Go Web Packages

This is not about framework vs library.

In Go, a framework or a library is just a package.

This post is just a short guide to understand Go web packages.

First up, some definitions:

A framework calls your code, you call library code.

Second, per Nicolas Merouze, a Web framework has three parts:

  1. A router receiving a request and directing it to a handler
  2. a middleware system to add reusable pieces of software before and after the handler
  3. the handler processing the request and writing the response.

Third, this is how Go defines standard HTTP handler.

  1. func handler(w http.ResponseWriter, r *http.Request) {
      fmt.Fprintf(w, "Welcome!")
    }
    
    func main() {
      http.HandleFunc("/", handler)
      http.ListenAndServe(":8080", nil)
    }
  2. type handler struct {}
    
    func (h handler) ServeHTTP(w http.ResponseWriter, r *http.Request) {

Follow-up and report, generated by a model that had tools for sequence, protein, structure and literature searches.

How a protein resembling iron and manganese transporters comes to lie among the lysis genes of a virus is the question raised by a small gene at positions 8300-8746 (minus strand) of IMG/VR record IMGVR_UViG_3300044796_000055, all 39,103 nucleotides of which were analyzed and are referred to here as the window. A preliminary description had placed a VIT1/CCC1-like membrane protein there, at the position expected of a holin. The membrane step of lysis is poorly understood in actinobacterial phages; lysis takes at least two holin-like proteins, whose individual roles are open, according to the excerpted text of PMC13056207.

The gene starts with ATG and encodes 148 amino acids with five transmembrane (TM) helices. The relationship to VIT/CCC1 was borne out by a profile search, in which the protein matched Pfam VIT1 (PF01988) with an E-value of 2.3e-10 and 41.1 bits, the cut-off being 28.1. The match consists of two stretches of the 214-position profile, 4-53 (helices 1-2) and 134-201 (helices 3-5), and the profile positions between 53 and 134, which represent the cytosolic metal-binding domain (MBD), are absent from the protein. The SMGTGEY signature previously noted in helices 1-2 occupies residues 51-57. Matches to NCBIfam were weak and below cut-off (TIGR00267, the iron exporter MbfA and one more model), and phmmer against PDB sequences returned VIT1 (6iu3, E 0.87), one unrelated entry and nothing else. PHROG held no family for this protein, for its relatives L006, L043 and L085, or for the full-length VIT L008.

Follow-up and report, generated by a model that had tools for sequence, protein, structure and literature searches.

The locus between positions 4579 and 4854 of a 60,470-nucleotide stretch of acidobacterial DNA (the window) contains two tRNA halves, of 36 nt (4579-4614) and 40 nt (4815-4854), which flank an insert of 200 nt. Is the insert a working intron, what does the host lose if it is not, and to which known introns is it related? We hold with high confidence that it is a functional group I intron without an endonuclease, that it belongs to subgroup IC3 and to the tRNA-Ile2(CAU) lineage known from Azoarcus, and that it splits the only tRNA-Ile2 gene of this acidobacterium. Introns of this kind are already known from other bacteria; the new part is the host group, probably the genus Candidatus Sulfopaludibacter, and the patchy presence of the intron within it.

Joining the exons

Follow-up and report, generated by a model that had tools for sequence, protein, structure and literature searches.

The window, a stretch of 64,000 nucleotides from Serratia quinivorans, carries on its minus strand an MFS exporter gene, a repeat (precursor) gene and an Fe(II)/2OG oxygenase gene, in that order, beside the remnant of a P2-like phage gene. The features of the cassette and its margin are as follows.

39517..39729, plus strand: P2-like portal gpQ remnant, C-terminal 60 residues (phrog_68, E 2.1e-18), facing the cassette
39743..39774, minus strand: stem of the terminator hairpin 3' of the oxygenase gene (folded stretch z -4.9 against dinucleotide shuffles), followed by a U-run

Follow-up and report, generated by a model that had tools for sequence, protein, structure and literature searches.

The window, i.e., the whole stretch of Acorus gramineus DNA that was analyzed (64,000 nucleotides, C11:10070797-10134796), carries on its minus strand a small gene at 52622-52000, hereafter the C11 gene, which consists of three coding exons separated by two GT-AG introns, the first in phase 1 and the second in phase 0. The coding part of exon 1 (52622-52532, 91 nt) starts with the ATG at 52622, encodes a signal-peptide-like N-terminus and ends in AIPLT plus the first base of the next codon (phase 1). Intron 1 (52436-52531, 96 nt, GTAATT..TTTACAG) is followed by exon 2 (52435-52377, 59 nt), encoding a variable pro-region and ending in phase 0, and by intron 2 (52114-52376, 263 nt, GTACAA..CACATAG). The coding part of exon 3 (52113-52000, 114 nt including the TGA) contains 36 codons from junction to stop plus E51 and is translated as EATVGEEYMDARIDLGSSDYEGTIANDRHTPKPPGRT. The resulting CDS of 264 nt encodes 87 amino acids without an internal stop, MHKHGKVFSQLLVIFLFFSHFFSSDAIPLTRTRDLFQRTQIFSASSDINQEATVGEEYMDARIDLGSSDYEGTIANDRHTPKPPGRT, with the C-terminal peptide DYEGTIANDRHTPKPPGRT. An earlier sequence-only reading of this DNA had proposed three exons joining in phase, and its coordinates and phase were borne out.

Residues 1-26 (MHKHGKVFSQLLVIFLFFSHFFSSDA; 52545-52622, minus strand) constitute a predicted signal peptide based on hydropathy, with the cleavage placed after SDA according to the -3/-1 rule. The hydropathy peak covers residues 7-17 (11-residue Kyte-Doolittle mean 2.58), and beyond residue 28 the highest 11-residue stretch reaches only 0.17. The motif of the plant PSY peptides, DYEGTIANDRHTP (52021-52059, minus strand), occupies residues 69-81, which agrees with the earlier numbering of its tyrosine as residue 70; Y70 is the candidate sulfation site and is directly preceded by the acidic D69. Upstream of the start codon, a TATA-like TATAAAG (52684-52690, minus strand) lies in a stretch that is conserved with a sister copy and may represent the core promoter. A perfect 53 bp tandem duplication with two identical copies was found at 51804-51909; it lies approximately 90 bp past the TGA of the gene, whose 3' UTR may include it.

fmt.Fprintf(w, "Welcome!")
    }
    
    func main() {
      http.Handle("/", handler)
      http.ListenAndServe(":8080", nil)
    }

If you want to build your own Web framework in Go, here are some notes:

  • router – standard net/http ServeMux, gorilla vs pat vs routes, httprouter, Goji built its own router out of frustration with pat
  • middleware – middleware chaining with alice or siesta. Your choice of framework will affect the way you chain middleware (of course). With negroni, it is bring-your-own-router middleware

HTTP request context (aka share values between middleware)

  • global context map – used by gorilla/context. Uses mutex
  • per request map[string]interface – used by Goji (on-demand map allocation, needs a wrapper for HTTP handler)
  • context struct – used by gocraft/web (no mutex, no type assertion but not compatible with standard HTTP handler)
  • httpcontext

Bottomline:

In theory, you can mix and match Go packages. In practice, you need a wrapper if the package in question does not adhere to standard Go API.

For a list of Go code examples, go to https://github.com/ibmendoza/go-examples

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